While it’s still a great option for a caterer to borrow a church kitchen in exchange for a percentage contribution from the sale of their food, these new incubator kitchens sound like an incredible idea that could help a lot of new caterers get their business started with very little cash outlay. To help you try and locate one, here is a map of incubator kitchens all over the country from culinaryincubator.com. If you don’t find one on here near you, don’t give up, Google “culinary incubator” and “incubator kitchen” in your area to see if there is one near you.
An article about restaurant consumer demographic data from the National Restaurant Association’s Annual Report. Make sure to read all the pages…
Great article by Roy Bergold via QSRMagazine.com
High failure rates for restaurants. Yes they’re exagerated, but they’re still high. According to recent studies from Cornell and Ohio State universities, 59-60% of restaurants fail within the first three years. As many as 75% may fail within the first five. Why are they so high? For a list of the six biggest reasons, see The biggest mistakes restaurants make, and why they have a high failure rate.
For the purpose of this article, I’m going to talk about a key fundamental in restaurant concept design, keeping it simple.
Big menus with too many items, oversized dining rooms, multi-ingredient dishes, huge liquor selections and wine lists and over decorating. They’re all symptoms of the same problem, overcomplicating your concept.
As a restaurateur, you may find yourself getting bored with traditional menu items. For you, eating in a restaurant might need to be an adventure. You may have to see or try something you’ve never seen before to be impressed. Very well. I’m the same way.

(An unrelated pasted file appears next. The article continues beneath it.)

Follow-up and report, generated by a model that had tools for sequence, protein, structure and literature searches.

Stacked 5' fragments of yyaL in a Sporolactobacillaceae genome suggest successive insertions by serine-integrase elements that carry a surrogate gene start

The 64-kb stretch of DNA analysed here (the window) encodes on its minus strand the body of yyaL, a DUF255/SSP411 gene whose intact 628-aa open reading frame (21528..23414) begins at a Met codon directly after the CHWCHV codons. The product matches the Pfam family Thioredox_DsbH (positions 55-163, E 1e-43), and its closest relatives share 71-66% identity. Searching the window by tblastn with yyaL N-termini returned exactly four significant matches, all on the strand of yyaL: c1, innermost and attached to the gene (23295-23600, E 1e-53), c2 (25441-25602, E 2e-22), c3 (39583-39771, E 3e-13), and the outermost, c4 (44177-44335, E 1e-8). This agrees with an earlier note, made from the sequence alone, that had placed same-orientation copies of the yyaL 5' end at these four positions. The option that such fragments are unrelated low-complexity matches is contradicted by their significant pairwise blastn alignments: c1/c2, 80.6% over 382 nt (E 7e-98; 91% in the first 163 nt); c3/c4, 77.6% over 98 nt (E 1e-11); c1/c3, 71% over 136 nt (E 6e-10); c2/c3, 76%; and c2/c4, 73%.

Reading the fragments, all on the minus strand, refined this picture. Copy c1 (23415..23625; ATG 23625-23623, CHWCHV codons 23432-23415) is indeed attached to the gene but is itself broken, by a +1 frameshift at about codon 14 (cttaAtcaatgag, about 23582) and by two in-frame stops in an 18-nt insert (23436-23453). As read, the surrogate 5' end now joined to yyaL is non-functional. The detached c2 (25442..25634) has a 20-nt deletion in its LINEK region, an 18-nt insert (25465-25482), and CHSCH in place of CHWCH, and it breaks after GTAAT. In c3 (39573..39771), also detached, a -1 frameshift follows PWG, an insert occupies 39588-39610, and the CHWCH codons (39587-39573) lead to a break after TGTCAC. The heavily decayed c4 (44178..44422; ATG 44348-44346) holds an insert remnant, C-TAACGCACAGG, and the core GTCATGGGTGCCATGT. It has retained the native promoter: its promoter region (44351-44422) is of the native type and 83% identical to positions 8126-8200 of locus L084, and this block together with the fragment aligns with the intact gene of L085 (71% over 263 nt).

This may be the underlying factor in why restaurant owners routinely go overboard when designing their concepts. They push their own sensibilities on the general public, not realizing that their tastes are the exception to the rule, and not indicative of the tastes of the public at large. Restaurateurs think they need to present every dish possible to make out of the ingredients they already carry. They think carrying 15 scotches instead of 5 will earn them more customers. If you have a larger selection, you’ll appeal to more people, right? Wrong.
Trying to please everyone leaves you unable to be defined. When you have too many colors in your decor, too many styles of fixtures and furniture, and menu items that represent too many styles of cuisine, your customers find it harder to describe you and recommend you. You find it harder to manage your business effectively and market your brand. You’re trying to stand for too many things at once. Cut out all the extras and keep it simple.
Here’s a short list of things you can do to keep your concept simple.
Choose two contrasting but complementary colors to design your concept around. You may use a third neutral color for accenting, but stay away from unneeded detail and too many extra colors in your scheme. To create a solid brand, you need to be more than attractive, you need to be memorable, and that means keeping your color scheme simple. Use these colors to design your logo, signage, marketing, and to decorate the inside and outside of your restaurant.
Keep your menu small. This serves many purposes, some of which are outlined in my article, Creating a manageable menu. A small menu is easier to control costs on, easier to prepare and order for, and easier to provide consistency with. By having a small menu, your service will be faster, your food quality will be better, and you’ll make more money. Keep your menu simple.
Keep your dining room simple. Smaller dining rooms are easier to manage. If you’re thinking of opening your first restaurant, don’t build a huge dining room with 200 seats. A large dining room takes a large management staff and lots of employees to run. If you find that your 80 seat restaurant gets full every night, then build another one. Don’t worry that you’re not building it big enough.